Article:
Clarkstown Town Supervisor Alex Gromack said today he would be willing to take back the county roads that run through the town as long as Rockland County turned over the county sales tax to Clarkstown and the other towns. Gromack’s statement was in response to County Legislator Ilan Schoenberger’s suggestion that the county look into to the original owners, the five towns. The towns disclosed on Tuesday their demands that the for the approximately 170 miles of county roads within town lines and also that they had retained an attorney.
Gromack said the county continues to push back many of its expenses onto the towns including the costs of elections and Right now, the towns are arguing it is the county’s responsibility not theirs to pay for the cost of maintaining streetlights, traffic signals and fire hydrants on the county roads. He said Clarkstown would be willing to take responsibility for those services if it also received the county sales tax and the county property tax was eliminated.
“We’ll consider taking these back if we get the money,” he said.
Attorney Edward Guardaro of Kaufman, Borgeest & Ryan LLP of Westchester County said there is precedent for the utility costs to be borne by the county and that the towns have a “pretty strong case.”
Guardaro represented the Town of Huntington, which in 2010 won its case against Suffolk County resulting in the utility costs being shifted to that county. He said he has been involved in about a dozen similar municipal cases in New York State since 2007 in which litigation was contemplated but not initiated because the issues were resolved. In Huntington’s case the Appellate Court determined the responsibility for the costs associated with roadwork, maintenance and construction were dictated by state statute.
“No legal papers have been filed yet,” said Guardaro of the towns’ dispute with Rockland County government. “They’re weighing their options. This is an option they feel they may want to take if they can’t get together with the county on some sort of agreement.”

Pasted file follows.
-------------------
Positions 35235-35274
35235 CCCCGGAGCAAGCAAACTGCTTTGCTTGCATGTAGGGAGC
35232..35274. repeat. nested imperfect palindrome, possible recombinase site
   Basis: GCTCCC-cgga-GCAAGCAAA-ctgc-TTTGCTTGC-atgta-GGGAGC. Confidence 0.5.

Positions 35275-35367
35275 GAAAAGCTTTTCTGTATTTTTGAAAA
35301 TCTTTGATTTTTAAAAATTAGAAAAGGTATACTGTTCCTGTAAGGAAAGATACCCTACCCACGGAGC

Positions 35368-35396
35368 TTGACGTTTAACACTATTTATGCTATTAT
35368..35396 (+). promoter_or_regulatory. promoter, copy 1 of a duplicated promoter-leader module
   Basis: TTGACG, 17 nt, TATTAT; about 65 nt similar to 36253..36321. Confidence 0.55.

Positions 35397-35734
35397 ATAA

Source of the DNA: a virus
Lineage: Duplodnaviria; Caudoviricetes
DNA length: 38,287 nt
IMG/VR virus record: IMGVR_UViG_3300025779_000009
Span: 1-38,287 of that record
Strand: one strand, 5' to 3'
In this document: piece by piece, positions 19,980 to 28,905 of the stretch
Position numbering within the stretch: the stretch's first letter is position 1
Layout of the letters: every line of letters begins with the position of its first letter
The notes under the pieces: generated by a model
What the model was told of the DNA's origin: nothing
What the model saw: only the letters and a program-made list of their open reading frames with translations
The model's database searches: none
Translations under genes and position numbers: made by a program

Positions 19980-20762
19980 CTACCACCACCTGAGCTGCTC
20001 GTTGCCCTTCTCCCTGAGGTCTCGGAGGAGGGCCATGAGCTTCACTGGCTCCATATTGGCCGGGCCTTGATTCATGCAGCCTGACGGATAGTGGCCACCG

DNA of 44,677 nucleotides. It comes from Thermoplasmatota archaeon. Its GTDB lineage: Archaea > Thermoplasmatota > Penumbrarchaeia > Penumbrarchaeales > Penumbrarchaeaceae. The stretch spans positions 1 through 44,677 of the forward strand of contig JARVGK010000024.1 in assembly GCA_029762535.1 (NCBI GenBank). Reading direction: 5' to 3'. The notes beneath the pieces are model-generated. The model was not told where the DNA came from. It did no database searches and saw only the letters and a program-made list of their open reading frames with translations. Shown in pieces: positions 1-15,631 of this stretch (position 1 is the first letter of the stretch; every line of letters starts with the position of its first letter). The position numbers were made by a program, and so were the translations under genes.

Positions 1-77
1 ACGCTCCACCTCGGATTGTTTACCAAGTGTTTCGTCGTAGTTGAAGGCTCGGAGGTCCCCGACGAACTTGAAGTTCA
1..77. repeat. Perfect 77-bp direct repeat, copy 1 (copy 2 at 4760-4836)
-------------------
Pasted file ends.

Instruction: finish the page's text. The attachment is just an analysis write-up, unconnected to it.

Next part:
He explained he is preparing memos for town officials regarding any possible legal action they may want to take.
Gromack noted that if the county kept trying to divest itself of services and programs, there would not be a need for the county legislature, county executive or county property tax. Gromack suggested the Board of Supervisors, which once governed the county, could be reinstated and that the towns alone could run the county more efficiently.
He said the county’s actions lead to the question of “Why do we need a county of Rockland government?”
Gromack said Rockland cannot have it both ways – keep 94 percent of the $174 million raised by the county property tax and shift expenses to the towns.
Orangetown Town Supervisor Andy Stewart called for a restructuring of county government in May when the chargebacks were first announced.
“You have all of these costs and how the heck do we pay for these things given that they were not anticipated in our budget,” asked Stewart. “We were responsible. Our town met its two percent tax cap last year. We made tough decisions. Now there is this idea that the towns have endless amounts of money and we don’t. It puts us under an enormous amount of pressure.”
Orangetown Director of Finance Charlie Richardson gave a report on town spending and revenue for 2012. He told the town board on Tuesday night said that based on items the town was able to budget for, it was in line to spend under the budget passed for 2012, but that does not include an anticipated $500,000 to $550,000 that charge-backs from the county will cost Orangetown.
Gromack said Rockland receives federal and state funds for the roads and the towns should not be paying the utility bills for the county roadways. The other town boards – Orangetown, Ramapo and Haverstraw and Stony Point - are in various stages of discussing and voting on a resolution similar to the one passed by Clarkstown last week that would have all utility bills for the roads sent directly to the county.
Schoenberger and County Highway Superintendent Charles “Skip” Vezzetti refuted the towns’ claims that the utility costs were the county’s responsibility. Vezzetti said none of the utilities are a function of the roadways and the towns or the fire districts request their installation and location.
Guardaro, who is a Clarkstown resident, said the battles over which branch of government pays these types of cost have become much common because of the economy.
“It’s becoming much more frequent,” he said. “It wasn’t frequent at all before the recession.”